Jennifer Coogan
Chief Content Officer, Newsela

Levelled Big History reading

Levelled Big History Project reading

In 2014, the Newsela editorial team worked with the Big History Project to adapt its fascinating articles into multiple reading levels, just as we do with the news content we provide on Newsela.com every day.

All our editors agreed: working on this project made us smarter. Not only did we get to brush up on the last 13.8 billion years, but we also began thinking about the daily news stories we were publishing in a much grander context.

For instance, a recent article about college students trying to grow plants in Mars-like soil (inspired by Matt Damon in the film “The Martian”) made us recall what we learned in Unit 5 about the unique conditions that make Earth so hospitable. A report about modern-day slavery in the Southeast Asian seafood trade reminded us of what we learned about the Columbian exchange and how it drove inequality among peoples, and devastated Africa (Unit 8).

Big History Text Sets

Big History Project Text Sets

We decided to make our thinking visible and group together the Newsela articles that relate to the BHP units by using our Text Set feature. In May, we put together a suite of Big History Text Sets and they’ve grown and thrived since then.

One of the latest additions to our text set on Unit 7 Agriculture and Ancient Civilization asks: is Queen Nefertiti buried behind the tomb of King Tut? There is still so much to discover about our past, but new technologies are making it possible to solve ancient mysteries.


Big History Project Unit 10: The Future

And then we turn our eyes forward and wonder: What does the future hold for us? If the articles we’ve recently added to our text set on Unit 10: The Future are any indication, we may be shifting from the Anthropocene to an age when smart machines make humans obsolete.

Current events move fast and it doesn’t take long before the story of the day becomes… well, old news. Connecting these articles to these enduring themes greatly extends their so-called shelf life. Symbiotically, news articles can be a way to bring a sense of urgency and real world relevance to students as they seek to make sense of these massive themes.

We invite you, the educators who are deeply immersed in these themes and thresholds, to share with us the connections you see between Big History and the events that are unfolding in the world. If we have articles on these topics, we’ll add it to our text sets. If we haven’t covered them, drop us a line at editor@newsela.com, and we’ll publish them.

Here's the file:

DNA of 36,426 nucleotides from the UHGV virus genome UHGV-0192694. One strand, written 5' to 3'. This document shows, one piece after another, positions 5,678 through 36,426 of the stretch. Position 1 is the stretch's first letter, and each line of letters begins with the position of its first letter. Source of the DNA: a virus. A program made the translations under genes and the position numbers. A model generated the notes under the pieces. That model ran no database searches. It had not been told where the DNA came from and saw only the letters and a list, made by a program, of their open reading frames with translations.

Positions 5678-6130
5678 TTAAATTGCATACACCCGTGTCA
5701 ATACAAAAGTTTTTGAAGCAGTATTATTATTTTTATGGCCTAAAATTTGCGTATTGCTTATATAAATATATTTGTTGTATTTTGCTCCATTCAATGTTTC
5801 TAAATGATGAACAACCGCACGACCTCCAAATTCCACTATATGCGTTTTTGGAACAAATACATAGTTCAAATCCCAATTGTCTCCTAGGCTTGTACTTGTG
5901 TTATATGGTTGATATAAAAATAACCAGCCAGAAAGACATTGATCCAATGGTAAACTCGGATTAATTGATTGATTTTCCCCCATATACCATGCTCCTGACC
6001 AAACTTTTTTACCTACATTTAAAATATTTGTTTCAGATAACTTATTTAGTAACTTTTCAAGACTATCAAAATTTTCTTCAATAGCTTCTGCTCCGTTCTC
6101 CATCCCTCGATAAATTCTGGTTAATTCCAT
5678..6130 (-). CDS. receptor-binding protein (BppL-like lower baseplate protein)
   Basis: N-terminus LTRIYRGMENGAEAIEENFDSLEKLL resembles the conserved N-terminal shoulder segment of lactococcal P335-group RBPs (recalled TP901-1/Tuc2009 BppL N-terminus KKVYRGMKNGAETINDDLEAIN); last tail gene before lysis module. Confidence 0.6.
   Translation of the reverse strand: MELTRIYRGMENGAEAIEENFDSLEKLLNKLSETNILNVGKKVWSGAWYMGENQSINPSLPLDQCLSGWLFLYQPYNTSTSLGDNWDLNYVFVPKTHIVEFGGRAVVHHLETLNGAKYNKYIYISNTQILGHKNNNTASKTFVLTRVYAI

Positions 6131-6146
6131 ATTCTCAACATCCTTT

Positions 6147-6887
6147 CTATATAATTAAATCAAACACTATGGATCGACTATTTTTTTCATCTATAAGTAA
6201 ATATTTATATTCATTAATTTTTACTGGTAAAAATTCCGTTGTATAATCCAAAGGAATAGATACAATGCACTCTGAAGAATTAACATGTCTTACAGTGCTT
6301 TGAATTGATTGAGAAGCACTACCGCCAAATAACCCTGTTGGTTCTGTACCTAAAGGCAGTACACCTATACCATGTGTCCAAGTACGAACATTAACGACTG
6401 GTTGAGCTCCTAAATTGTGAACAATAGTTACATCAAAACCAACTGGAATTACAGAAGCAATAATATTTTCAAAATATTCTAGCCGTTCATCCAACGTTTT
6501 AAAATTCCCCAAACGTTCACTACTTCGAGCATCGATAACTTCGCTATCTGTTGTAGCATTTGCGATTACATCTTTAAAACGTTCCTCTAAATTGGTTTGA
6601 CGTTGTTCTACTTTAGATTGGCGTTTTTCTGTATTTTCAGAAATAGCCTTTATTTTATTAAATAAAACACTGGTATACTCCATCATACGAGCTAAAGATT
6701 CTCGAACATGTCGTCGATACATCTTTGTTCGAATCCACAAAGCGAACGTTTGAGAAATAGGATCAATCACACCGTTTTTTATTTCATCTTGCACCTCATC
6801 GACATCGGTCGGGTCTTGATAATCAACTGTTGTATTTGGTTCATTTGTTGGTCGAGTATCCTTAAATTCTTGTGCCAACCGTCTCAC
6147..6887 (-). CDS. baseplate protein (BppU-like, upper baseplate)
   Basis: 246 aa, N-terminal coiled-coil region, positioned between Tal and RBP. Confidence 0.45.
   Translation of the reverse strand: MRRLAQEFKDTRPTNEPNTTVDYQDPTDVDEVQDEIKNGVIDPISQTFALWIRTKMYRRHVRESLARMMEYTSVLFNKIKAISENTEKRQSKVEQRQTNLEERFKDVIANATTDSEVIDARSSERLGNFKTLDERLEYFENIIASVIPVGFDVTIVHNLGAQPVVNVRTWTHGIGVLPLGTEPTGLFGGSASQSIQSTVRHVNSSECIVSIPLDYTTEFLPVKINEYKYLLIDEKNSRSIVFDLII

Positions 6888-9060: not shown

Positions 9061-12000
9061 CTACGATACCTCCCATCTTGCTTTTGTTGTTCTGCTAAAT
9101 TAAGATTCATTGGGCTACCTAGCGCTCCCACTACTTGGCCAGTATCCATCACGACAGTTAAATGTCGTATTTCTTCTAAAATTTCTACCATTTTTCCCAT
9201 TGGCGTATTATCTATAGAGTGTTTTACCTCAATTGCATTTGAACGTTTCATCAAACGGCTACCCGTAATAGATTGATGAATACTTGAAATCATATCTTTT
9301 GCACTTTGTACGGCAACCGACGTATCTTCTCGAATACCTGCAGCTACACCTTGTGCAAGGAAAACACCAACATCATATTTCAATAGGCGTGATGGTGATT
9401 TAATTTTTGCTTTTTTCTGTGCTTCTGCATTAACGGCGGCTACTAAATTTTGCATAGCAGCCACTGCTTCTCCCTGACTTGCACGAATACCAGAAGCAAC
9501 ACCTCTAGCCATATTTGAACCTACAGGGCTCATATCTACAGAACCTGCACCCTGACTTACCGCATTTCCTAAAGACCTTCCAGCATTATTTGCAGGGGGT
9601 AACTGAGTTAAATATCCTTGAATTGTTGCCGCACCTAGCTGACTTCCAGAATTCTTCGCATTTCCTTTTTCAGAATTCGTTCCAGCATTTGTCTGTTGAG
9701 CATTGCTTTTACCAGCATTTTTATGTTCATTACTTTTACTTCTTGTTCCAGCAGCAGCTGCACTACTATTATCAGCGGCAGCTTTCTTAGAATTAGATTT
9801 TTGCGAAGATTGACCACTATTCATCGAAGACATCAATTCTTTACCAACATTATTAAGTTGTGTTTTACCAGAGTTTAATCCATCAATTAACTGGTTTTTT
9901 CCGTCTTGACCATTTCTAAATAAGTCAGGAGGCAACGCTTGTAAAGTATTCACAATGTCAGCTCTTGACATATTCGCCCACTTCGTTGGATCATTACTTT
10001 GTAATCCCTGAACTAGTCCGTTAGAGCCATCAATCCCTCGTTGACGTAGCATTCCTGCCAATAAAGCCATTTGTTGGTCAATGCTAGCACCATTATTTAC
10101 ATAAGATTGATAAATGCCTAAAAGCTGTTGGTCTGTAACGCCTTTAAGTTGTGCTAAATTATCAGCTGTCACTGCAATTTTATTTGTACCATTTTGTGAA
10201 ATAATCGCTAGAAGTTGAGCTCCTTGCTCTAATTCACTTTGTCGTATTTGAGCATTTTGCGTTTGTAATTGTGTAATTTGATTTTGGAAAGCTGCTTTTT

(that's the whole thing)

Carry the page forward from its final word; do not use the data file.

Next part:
Together, Newsela and BHP hope to inspire students to think beyond their current situations, environments and cultures and think, for lack of a better word—bigger. Human history is microscopic when we compare it to the history of our Universe, but we are fortunate to be more connected than ever, and able to watch history’s slow progress through the news we deliver every day.


Damian Pawlowski
BHP Teacher, California, USA

Interconnection: The Riches of Real by E.A.

Interconnection: The Riches of Real by E.A.

Fred Spier begins his book Big History and the Future of Humanity with the story of how he was inspired at a young age by the famous Earthrise photograph. This stunning photo, taken by astronaut William Anders during the Apollo 8 mission, helped people around the world to see the beauty and fragility of our home planet. When Earthrise was first published in 1969, people saw planet Earth as what fellow astronaut James Lovell described as “a grand oasis in the big vastness of space.” Today this awesome image of Earth is considered to be one of the most influential photographs in history. Viewing Earth from this perspective has helped inspire the environmental movement and has generated an increased interest in interdisciplinary studies.

Threshold 2: Star Trails by F.W.

Threshold 2: Star Trails by F.W.

When I began teaching Big History, I put up a poster of Earthrise in the classroom to remind my students of the power of photographs. Throughout our studies I challenge my students to make connections between the image and the thresholds and themes of the course. As the students gain new knowledge about the history of the cosmos and humanity, we reflect back on the famous photo and apply what we have learned. From the light of the sun illuminating the Earth, to the shape of the continents and the complex civilizations that call the planet home, the connections the students make are fun and thoughtful. When we ponder the driving question of “Why individuals change their minds?” we consider how evidence in the form of a photograph can change our perspective and convince us to think differently.

Threshold 3: Elementary Ingredients by G.O.

Threshold 3: Elementary Ingredients by G.O.